Disney Tackles Race Relations With Its Charming Zootopia.

Directors: Byron Howard, Rich Moore, and Jared Bush.
Writers: Byron Howard, Rich Moore, Jared Bush, Phil Johnson, and Jennifer Lee.
Actors: Ginnifer Goodwin, Jason Bateman, Idris Elba, J.K. Simmons and Jenny Slate.
Open: Wide.

For the longest time, the Disney-owned Pixar Studios was the king of the hill in the animation game. But recent times have found Pixar’s position at the top getting a little less stable; its lackluster original efforts and reliance on sequels have been slowly wearing away at the studio’s once-impenetrable armor. Now, with Zootopia, it seems that Disney Animation Studios is looking to pick up Pixar’s slack.

Zootopia imagines a world of evolved, wholly personified animals that can talk, that have jobs and that, according the film’s marketing at least, love to take selfies. They’re essentially human, except they’re covered in fur (and, uh, animated).

Of course, there’s some plot, too. We follow Judy Hops (Ginnifer Goodwin), a highly motivated rabbit from a carrot farm who dreams of making it big as the first rabbit police officer of Zootopia, a sprawling metropolis. Alas, Judy can’t seem to catch a break and is given an ultimatum as soon as she joins the force: solve a missing otter case in 48 hours or quit. When it seems that there’s more to the case than meets the eye, she teams up with a fox con artist, Nick Wilde (Jason Bateman), who helps her navigate the murky underbelly of the city.

On the visual side, this is a really well-animated movie. The characters feel and move dynamically like hand-drawn characters, and their facial expressions help sell some emotional scenes toward the film’s end. But the biggest joy is seeing the City of Zootopia itself: It’s divided into various districts all with distinct weather patterns where certain animals will be more comfortable; there are smart little touches in the design too, like how the trains have three different size doors to accommodate everyone from giraffes to mice and how a smoothie stand run by hamsters has a pneumonic tube so a giraffe can get its drinks.

And the fact that the movie revolves around a missing persons mystery doesn’t deter the movie from being surprisingly funny. There’s humor to be had most everywhere here, from the weird stuff that happens in the background to seeing the way Judy and Nick interact. The way these two characters’ relationship evolves naturally and charmingly also goes a long way toward making the audience care about how their story will pan out. They’re a fun “odd couple” pairing, and neither conforms to archetypes. Judy, while new to the city, is no fool, constantly outmatching Nick in clever ways that show her wit. Nick, on the other hand, isn’t just a shady-but-lovable dud; he’s got depth beneath the sly remark and sass.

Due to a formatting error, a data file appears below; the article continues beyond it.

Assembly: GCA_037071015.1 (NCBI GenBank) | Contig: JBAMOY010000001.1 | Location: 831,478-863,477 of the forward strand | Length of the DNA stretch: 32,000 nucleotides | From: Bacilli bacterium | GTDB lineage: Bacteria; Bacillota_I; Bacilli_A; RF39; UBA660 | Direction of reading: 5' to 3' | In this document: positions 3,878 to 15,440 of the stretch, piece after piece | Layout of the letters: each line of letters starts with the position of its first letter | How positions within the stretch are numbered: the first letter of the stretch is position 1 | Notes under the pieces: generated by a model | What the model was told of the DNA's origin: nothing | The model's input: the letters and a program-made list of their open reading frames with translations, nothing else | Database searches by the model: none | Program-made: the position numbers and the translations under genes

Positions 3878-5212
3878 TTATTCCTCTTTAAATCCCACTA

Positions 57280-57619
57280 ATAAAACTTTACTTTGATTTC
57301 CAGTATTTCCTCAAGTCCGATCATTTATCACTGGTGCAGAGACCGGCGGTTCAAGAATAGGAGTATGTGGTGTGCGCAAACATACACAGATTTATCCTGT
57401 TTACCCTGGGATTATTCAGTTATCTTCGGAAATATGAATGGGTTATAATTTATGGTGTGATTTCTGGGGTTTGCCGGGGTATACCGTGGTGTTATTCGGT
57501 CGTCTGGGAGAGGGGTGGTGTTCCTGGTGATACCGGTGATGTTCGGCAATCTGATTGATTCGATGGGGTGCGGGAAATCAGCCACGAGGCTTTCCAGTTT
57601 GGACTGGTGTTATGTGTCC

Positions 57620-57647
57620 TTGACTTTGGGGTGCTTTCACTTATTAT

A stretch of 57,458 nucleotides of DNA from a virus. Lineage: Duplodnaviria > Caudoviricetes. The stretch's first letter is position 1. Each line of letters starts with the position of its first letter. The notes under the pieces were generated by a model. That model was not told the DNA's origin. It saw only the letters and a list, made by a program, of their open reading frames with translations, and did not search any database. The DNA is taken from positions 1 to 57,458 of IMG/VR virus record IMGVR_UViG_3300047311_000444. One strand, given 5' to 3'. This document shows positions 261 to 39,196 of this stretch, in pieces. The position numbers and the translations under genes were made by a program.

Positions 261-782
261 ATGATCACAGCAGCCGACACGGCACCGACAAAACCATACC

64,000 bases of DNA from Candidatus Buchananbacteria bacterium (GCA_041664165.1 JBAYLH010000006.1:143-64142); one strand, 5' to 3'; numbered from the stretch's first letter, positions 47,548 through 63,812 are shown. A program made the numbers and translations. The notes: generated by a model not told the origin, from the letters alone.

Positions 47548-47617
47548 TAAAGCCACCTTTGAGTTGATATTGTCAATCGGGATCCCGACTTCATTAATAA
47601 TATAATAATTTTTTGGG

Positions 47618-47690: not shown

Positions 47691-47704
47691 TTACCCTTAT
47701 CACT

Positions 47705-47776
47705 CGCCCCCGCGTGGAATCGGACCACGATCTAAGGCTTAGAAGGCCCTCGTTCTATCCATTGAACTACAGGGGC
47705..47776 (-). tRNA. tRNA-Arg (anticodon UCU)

Still, the most surprising thing about Zootopia is that it’s an allegory — intentional or no — for the racial tension of our real-life modern times. While Zootopia (the city) has the motto that you can be anyone and anything, it quickly becomes apparent that many animals are constantly discriminated against for either being too big, too small, a rabbit, a fox or a predator. The theme of discrimination runs throughout the movie and eventually overtakes the mystery plot. As Judy and Nick uncover more and more clues to their missing otter case, they stumble upon a plot to incite tensions between the predators (lions, panthers, etc.) and prey (sheep, gazelles, rabbits and so on) by playing up the stereotypes of how the “savage nature” of predators makes them dangerous to be around.

No doubt there will be numerous think pieces penned about the effectiveness of this film’s approach to race relations. My guess is that kids will understand the metaphor just fine. This is an effective story that teaches tolerance and open-mindedness in a really funny package. Zootopia has a brand of humor and energy to it that’s reminiscent of the animated movies that we all remember from our childhood. It’s got a positive message, a surprisingly good mystery plot and plenty of fun characters that you’d want to hang out with it if they weren’t anthropomorphic animals.

Grade: B+.

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